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Artificial Intelligence

CSE 3110
Lab 1 (Version 1.0)
Typing in a Prolog program
Firstly, we want to type in a Prolog program and save it in a file, so, using a Text Editor,
type in the following program:
Try to get this exactly as it is - don't add in any extra spaces or punctuation, and don't
forget the full-stops: these are very important to Prolog. Also, don't use any capital letters
- not even for people's names. Make sure there's at least one fully blank line at the end of
the program. Once you have typed this in, save it as (Prolog files usually end with
".pl", just as C files end with ".c")

Starting Prolog
Click on the icon Prolog.exe. After a while, you should get something like the following
on screen:
The Prolog interpreter is now running and waiting for you to type in some commands.

Loading the Program

Writing programs in Prolog is a cycle involving
1. Write/Edit the program in a text-editor
2. Save the program in the text editor
3. Tell Prolog to read in the program
4. If Prolog gives you errors, go back to step 1 and fix them
5. Test it - if it doesn't do what you expected, go back to step 1

We've done the first two of these, so now we need to load the program into Prolog. The
program has been saved as "" in C drive, so in your Prolog window, type the
following and hit the return key:
Don't forget the full-stop at the end of this! This tells Prolog to read in the file called - you should do this every time you change your program in the text editor. (If
your program was called something else, like "", you'd type "other" instead of
"intro" above).
You should now have something like the following on screen
| ?- [(‘c:/’)].
(output omitted)
| ?-
The "yes" at the end indicates that Prolog has checked your code and found no errors. If
you get anything else (particularly a "no"), you should check that you have typed in the
code correctly.
At any stage, you can check what Prolog has recorded by asking it for a listing:

| ?- listing.

likes(mary, food).
likes(mary, wine).
likes(john, wine).
likes(john, mary).

| ?-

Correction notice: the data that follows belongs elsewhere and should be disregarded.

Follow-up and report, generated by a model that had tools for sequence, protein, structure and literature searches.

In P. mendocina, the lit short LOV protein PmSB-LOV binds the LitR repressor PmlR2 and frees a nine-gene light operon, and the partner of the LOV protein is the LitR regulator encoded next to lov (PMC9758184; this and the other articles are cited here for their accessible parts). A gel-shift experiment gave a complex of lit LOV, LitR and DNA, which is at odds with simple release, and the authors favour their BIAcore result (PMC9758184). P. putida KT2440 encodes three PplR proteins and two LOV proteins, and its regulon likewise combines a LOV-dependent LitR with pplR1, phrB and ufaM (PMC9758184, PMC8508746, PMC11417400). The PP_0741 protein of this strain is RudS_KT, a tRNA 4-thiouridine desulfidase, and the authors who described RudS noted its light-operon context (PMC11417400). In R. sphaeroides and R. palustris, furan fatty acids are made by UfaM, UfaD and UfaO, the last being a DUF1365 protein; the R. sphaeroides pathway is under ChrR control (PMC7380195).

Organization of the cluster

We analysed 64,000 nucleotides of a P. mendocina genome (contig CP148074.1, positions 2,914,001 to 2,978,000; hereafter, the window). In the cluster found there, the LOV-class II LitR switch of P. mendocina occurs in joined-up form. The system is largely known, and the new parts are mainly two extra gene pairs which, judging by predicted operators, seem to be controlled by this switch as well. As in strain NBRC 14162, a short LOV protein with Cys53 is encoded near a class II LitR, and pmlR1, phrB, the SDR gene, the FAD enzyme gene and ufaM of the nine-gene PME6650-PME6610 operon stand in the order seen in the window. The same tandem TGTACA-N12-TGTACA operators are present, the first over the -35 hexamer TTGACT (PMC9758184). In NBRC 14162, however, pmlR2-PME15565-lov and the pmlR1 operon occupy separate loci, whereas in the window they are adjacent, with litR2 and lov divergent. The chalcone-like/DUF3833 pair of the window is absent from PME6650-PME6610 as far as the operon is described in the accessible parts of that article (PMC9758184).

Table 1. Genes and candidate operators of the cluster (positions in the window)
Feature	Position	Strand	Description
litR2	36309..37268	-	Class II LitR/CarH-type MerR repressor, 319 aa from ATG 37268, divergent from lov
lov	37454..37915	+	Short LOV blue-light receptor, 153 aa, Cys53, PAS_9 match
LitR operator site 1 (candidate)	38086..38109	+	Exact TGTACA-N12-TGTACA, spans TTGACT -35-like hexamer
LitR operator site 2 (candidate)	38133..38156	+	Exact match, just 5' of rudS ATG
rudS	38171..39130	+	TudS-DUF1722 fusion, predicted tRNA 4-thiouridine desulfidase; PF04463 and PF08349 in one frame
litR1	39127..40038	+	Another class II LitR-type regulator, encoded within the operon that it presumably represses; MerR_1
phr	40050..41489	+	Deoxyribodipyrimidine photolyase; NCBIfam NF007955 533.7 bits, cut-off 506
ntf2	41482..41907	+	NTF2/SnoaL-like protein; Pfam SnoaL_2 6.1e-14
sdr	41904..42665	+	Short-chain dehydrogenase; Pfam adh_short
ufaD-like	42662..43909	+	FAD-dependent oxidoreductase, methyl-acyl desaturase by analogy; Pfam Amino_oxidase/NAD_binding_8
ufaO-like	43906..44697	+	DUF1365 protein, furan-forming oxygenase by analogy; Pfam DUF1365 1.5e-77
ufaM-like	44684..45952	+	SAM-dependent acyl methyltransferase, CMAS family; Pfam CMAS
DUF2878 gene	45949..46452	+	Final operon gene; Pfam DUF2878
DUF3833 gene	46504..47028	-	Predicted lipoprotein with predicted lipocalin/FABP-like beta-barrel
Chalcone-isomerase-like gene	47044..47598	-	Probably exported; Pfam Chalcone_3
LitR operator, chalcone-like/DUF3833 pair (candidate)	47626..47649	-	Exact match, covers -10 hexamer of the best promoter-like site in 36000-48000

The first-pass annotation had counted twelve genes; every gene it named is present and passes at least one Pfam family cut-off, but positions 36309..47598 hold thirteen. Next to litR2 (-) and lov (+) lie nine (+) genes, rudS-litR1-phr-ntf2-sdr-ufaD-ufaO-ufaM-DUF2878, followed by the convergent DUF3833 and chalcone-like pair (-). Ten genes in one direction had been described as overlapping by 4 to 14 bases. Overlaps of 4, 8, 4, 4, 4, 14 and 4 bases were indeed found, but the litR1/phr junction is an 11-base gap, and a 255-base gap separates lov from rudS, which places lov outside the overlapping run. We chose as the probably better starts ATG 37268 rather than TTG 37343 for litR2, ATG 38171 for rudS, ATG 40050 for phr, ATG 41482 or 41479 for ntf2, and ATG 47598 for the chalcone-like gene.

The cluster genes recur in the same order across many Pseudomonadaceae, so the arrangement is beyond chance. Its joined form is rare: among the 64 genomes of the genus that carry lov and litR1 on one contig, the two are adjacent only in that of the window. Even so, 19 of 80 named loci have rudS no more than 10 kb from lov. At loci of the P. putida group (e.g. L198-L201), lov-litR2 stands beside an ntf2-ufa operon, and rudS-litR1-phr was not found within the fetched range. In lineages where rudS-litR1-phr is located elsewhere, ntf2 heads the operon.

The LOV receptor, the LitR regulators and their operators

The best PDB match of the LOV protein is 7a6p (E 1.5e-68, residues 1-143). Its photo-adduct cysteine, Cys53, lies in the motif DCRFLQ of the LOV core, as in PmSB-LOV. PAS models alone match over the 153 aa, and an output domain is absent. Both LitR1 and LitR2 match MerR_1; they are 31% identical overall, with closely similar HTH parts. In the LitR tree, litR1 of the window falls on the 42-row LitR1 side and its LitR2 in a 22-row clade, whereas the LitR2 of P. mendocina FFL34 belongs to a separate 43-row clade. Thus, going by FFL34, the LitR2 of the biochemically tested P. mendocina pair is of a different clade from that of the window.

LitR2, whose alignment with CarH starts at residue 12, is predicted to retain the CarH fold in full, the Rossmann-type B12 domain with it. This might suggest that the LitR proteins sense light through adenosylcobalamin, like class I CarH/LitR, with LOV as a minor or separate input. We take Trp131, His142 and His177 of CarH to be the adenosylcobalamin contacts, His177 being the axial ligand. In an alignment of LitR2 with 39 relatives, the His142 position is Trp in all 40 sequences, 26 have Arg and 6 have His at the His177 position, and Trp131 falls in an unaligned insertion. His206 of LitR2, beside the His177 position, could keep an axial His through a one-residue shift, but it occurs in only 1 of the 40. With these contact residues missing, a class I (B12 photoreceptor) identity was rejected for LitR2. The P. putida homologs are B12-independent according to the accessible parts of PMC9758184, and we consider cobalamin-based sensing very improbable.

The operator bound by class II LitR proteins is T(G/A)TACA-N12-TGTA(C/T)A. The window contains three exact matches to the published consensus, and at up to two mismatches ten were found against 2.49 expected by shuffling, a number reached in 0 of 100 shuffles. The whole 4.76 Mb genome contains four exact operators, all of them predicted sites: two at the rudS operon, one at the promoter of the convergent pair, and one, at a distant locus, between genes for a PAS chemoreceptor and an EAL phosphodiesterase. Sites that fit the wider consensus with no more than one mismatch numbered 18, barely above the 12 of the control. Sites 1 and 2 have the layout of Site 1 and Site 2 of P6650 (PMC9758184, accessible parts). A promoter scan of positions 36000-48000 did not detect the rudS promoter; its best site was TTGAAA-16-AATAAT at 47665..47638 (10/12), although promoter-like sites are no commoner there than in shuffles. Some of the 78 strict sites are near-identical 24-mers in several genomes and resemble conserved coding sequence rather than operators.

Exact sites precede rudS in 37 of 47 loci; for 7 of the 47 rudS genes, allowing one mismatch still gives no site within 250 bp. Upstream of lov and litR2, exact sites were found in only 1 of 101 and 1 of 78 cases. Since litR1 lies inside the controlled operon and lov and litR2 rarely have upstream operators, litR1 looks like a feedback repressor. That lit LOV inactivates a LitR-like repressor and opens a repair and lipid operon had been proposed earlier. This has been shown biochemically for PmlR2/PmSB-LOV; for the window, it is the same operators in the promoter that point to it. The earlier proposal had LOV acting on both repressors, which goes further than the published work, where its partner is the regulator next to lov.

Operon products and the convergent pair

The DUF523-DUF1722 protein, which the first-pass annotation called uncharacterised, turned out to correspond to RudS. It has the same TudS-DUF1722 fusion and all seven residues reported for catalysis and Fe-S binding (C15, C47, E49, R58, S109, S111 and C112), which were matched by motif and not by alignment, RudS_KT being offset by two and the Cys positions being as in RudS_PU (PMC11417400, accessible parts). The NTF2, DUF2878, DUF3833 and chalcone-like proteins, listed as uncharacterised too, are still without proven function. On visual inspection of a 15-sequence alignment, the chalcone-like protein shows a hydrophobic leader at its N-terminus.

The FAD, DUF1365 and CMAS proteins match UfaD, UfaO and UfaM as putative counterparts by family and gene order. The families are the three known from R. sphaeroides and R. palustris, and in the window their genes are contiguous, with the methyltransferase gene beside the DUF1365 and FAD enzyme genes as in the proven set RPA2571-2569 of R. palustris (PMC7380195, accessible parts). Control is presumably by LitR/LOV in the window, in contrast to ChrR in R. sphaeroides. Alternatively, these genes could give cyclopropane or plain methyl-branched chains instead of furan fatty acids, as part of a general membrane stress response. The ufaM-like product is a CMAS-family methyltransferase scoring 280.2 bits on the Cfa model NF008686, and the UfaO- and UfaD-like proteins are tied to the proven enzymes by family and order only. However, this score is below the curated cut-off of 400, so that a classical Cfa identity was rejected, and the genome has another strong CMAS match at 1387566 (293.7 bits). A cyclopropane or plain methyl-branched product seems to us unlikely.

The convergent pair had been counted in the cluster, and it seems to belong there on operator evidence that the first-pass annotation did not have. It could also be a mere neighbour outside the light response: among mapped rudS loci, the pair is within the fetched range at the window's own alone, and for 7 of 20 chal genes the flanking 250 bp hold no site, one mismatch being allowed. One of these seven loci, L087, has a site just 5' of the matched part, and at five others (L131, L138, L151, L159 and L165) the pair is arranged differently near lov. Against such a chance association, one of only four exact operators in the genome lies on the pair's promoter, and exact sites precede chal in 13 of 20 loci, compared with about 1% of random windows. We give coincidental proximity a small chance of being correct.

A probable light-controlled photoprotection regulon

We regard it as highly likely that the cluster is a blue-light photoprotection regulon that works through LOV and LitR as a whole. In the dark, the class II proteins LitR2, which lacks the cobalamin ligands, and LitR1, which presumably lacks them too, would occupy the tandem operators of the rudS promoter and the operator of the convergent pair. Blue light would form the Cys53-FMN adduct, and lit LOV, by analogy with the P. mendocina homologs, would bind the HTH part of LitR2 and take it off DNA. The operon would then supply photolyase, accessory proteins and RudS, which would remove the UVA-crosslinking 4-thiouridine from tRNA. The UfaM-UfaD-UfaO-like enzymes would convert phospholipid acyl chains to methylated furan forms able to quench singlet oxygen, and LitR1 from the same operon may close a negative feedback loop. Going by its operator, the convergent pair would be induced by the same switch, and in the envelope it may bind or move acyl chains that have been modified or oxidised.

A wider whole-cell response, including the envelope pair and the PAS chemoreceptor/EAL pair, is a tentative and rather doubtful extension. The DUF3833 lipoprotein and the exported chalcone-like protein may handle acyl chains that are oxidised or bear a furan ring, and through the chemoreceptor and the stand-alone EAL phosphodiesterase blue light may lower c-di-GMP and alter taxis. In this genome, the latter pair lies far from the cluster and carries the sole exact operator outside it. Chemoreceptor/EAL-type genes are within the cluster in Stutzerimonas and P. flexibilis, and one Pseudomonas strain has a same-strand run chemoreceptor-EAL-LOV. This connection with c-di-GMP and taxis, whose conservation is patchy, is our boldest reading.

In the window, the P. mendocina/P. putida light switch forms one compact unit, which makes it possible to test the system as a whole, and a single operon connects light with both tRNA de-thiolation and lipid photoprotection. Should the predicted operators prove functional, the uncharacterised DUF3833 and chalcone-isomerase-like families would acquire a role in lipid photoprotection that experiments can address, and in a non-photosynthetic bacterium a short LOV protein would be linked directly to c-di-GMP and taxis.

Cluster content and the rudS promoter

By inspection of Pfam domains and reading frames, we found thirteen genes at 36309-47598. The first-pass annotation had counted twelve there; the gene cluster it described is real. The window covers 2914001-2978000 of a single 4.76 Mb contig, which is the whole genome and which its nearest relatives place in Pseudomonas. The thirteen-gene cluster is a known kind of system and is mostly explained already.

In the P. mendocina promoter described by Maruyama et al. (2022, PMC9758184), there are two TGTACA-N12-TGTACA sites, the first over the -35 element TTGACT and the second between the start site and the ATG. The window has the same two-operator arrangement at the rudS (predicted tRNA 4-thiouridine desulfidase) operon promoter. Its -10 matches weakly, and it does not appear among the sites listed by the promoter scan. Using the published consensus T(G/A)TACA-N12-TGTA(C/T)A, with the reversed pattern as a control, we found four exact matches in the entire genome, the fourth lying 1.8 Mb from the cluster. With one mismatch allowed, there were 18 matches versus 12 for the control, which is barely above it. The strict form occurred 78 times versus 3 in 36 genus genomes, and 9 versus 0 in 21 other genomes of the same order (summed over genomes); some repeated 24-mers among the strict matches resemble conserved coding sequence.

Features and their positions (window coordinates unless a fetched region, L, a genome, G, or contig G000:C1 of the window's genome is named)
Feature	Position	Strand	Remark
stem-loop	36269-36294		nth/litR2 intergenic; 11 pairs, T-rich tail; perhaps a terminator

Running a query
We can now ask Prolog about some of the information it has just read in; try typing each
of the following, hitting the return key after each one (and don't forget the full-stop at the
end: Prolog won't do anything until it sees a full-stop)

Rushdi Shams, Dept of CSE, KUET, Bangladesh 1

• likes(mary,food).
• likes(john,wine).
• likes(john,food).

When you're finished you should leave Prolog by typing halt.

The Family Program 1

Suppose that we want to represent a family tree, so that we can ask questions like "is John
related to ...", or "list all John's sisters" and so on.

The basic entities will be people; the properties we will want to look at will be father,
mother, brother, sister, ..... We choose three basic predicates, male, female and parent,
which will describe a family by a series of facts.

Take the following family tree as an example:

James I
| |
Charles I Elizabeth
| |
+----------+------------+ |
| | | |
Catherine Charles II James II Sophia
George I

In Prolog we represent this as:

% male(P) is true when P is male

% female(P) is true when P is female


% parent(C,P) is true when C has a parent called P

parent(charles1, james1).
parent(elizabeth, james1).
parent(charles2, charles1).
parent(catherine, charles1).
parent(james2, charles1).
parent(sophia, elizabeth).
parent(george1, sophia).

Start a new file in your text editor (call it ""), and copy and paste the above
program into it.

We can now formulate some queries (try entering these by yourself):

• Was George I the parent of Charles I?

Query: parent(charles1, george1).
• Who was Charles I's parent?
Query: parent(charles1, Parent).
• Who were the children of Charles I?
Query: parent(Child, charles1).

Rushdi Shams, Dept of CSE, KUET, Bangladesh 2

The Family Program 2
Create a family relationship knowledge base. Express the relationships by defining two
predicates: the first is parent(X, Y) which is true when X is the parent of Y; the second is
the predicate male(X) or female(Y) which is true when X is male or female. The family
relation is given as follows.

tom mary
(father) (mother)

daniel julia

alix rose jame mark

Check the following queries:

“Is Tom male?”
“Who is Mary?”
“Is Danial a parent of Alix?”
“Who is the parent of Danial?”

Now add rules that define the following predicates, using the predicates above as a base:
Check the queries:
“Who is the mother of alix?”
“Who is the aunt of denial?”
“Who is the brother of denial?”
“Who is the nephew of alix?”


The program we wrote in the last tutorial was a fairly small one, so we won't be adding
many rules.

Test your program by loading it into Prolog after each modification, and running the
following queries against it:

Rushdi Shams, Dept of CSE, KUET, Bangladesh 3

• likes(john,X).
• likes(mary,X).
• likes(Y,food).
• likes(Y,wine).

The difference between facts and rules is that rules are conditional, and use Prolog's "if"

For the moment, we'll just be using three operators in Prolog:

Operator Meaning

:- if

, and

; or

Open the file in the text editor and try adding in rules to express the following:

• John likes anything that Mary likes

Phrase this as: John likes something if Mary likes something

likes (john, X):- likes (mary, X).

• John likes anyone who likes wine

Phrase this as: John likes someone if that someone likes wine

likes (john, X):- likes (X, wine).

• John likes anyone who likes themselves

likes (john, X):- likes (X, X).

Do these one at a time, testing the above queries each time.

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